6. If the Australian papers are reasonably accurate, the person who started the “pay us back” line was Chalabi. I can’t believe the irony.

    But, to be serious, the Iraqi government originally pulled oil out of the ground, and used it to pay for whatever they wanted, from food to ammunition. The UN said it could only be used for food. They got round the rules and used it for everything else. As I understand the transaction, it was not into the private hands of the thugs; it was used to keep the regime going.

    Given that Saddam ran the government of the time, it is difficult to see how a transaction carried out with the regime’s approval can be seen as a theft against the Iraqi people.

    If that is the case, then a regime’s debts should end with the regime – a relief which would be deeply appreciated in many of the world’s most crapulent places, but which the bankers in the First World do not accept.

    I suppose we could say that a finite amount of money which could have been spent on food was actually spent on food + weapons, but I don’t think there was an actual shortage of money. Was there?

  7. david,

    If that rule on the debts being extinguished applied, how fast do you think the supply of credit to the ‘crapulent’ places would dry up?

  8. One extraordinary aspect of this whole affair is that these payments were apparently being made while AWB was being prepared for sale.

    What does that say about due diligence standards in this country?

  9. Ian Gould: “What does that say about due diligence standards in this country?”

    It doesn’t tell us anything about the standards yet. ASIC’s response to the Cole inquiry is what needs to be watched. If there’s no prosecution, there’s your answer.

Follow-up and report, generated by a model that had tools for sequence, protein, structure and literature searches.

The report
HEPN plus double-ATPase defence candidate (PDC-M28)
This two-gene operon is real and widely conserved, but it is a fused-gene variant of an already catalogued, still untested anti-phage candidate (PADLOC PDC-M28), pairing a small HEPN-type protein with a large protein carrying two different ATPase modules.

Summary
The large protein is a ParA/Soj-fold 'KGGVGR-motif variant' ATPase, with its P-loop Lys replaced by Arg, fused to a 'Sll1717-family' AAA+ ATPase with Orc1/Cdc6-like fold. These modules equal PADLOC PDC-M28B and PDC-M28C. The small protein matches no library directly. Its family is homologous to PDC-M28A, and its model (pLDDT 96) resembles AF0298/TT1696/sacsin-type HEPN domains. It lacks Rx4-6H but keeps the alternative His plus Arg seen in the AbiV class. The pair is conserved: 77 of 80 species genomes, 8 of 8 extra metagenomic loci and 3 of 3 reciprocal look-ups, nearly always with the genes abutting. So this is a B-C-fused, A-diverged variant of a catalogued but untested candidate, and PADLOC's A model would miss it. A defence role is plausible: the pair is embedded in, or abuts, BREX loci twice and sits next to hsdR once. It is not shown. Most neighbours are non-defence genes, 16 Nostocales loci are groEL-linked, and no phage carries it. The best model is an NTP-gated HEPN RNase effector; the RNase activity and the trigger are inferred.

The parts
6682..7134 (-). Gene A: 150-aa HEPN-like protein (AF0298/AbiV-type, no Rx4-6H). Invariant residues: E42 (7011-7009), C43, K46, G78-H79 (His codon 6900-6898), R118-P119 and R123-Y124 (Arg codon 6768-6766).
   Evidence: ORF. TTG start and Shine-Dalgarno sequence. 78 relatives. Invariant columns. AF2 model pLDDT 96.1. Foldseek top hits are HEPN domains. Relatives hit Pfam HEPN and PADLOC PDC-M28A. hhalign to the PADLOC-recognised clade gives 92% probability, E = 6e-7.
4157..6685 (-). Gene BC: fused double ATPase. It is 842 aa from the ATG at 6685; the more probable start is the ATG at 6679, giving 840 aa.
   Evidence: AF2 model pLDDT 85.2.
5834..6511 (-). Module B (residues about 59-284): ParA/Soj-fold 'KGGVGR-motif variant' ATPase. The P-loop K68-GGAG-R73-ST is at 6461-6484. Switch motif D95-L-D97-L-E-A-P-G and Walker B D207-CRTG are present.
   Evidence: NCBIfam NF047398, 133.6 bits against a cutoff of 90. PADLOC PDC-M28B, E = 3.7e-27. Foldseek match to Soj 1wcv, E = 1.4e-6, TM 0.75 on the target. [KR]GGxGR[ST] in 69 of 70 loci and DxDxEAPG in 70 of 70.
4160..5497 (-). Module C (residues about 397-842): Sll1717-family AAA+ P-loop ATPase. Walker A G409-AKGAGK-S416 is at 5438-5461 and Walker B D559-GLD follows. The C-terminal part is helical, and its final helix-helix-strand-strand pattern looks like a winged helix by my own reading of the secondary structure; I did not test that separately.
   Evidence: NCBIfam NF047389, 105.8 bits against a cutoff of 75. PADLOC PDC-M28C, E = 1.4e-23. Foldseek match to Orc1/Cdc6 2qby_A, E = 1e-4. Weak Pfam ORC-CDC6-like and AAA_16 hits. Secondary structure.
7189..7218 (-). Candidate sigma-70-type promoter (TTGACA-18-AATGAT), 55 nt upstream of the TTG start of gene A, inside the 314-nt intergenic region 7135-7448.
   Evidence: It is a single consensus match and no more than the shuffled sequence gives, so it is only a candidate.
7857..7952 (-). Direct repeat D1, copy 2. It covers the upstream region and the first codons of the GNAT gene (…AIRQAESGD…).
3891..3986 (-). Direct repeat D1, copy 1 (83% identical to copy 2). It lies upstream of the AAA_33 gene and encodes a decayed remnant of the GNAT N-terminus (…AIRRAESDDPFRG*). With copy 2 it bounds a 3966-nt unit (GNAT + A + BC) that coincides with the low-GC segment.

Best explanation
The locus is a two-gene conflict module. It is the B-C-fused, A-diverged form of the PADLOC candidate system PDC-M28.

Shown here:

10. “So the money was in fact stolen from the UN, which in turn held it on behalf of the Iraqi people, who were supposed to be trading oil for food, bypassing the Saddam regime. ”

    Yeah! Riiiiiiiiiiiiight! Is it any wonder with such warm, fuzzy thinking UN types about, there were so many Saddam types lurking around every corner cutting deals.
    You got that bit all you troglodytes who don’t believe in fairies at the bottom of the garden? The inscrutable UN was simply facilitating the free Iraqi people trading THEIR oil for precious food(and medicines), bypassing that nasty Saddam and his oil ministry and health ministry and his food ministry and his jobs for the boys ministry, death squad ministry, etc , etc and would you believe what the final outcome was?
    Err, you don’t think we might have a counter claim against the Iraqi people for their lack of due diligence in installing Saddam and Co in the first place do you Professor? Wouldn’t it be lovely if we could install a Gough or two quite regularly to fling the money from the balcony to us and when it all ends in tears, we flick the bastard out and cry foul with HIS debts?

  11. observa, the UN advised AWB more than once to lower their prices because they were too high, hence the UN was concerned their might be some kickbacks inflating the price. The Austn govt was told something fishy was likely, but chose to play dumb.

  12. Waratah, the very notion that somehow decent folk could deal fairly and squarely with tyrannical pond-scum like Saddam and his regime, boggles the practical mind. Here was an axis of evil country, porously bordering the same, or similar to varying degrees and somehow these UN economic sanctions were going to get Saddam to turn over a new leaf, from his bad old weapons inspector playing days. But don’t take George Bush’s or my word for it, because now you can get it straight from our esteemed leader of HM Opposition in parliament today. You see according to the Beazer, it should have been bleeding obvious to even economics professors, that Saddam would always use any cash he could lay his hands on, to support terrorism, in particular paying suicide bombers. Well of course that’s exactly what Howard and the other COW members worked out some time ago, while it took a lot longer for the penny to drop with your more gulli…, err, trusting types.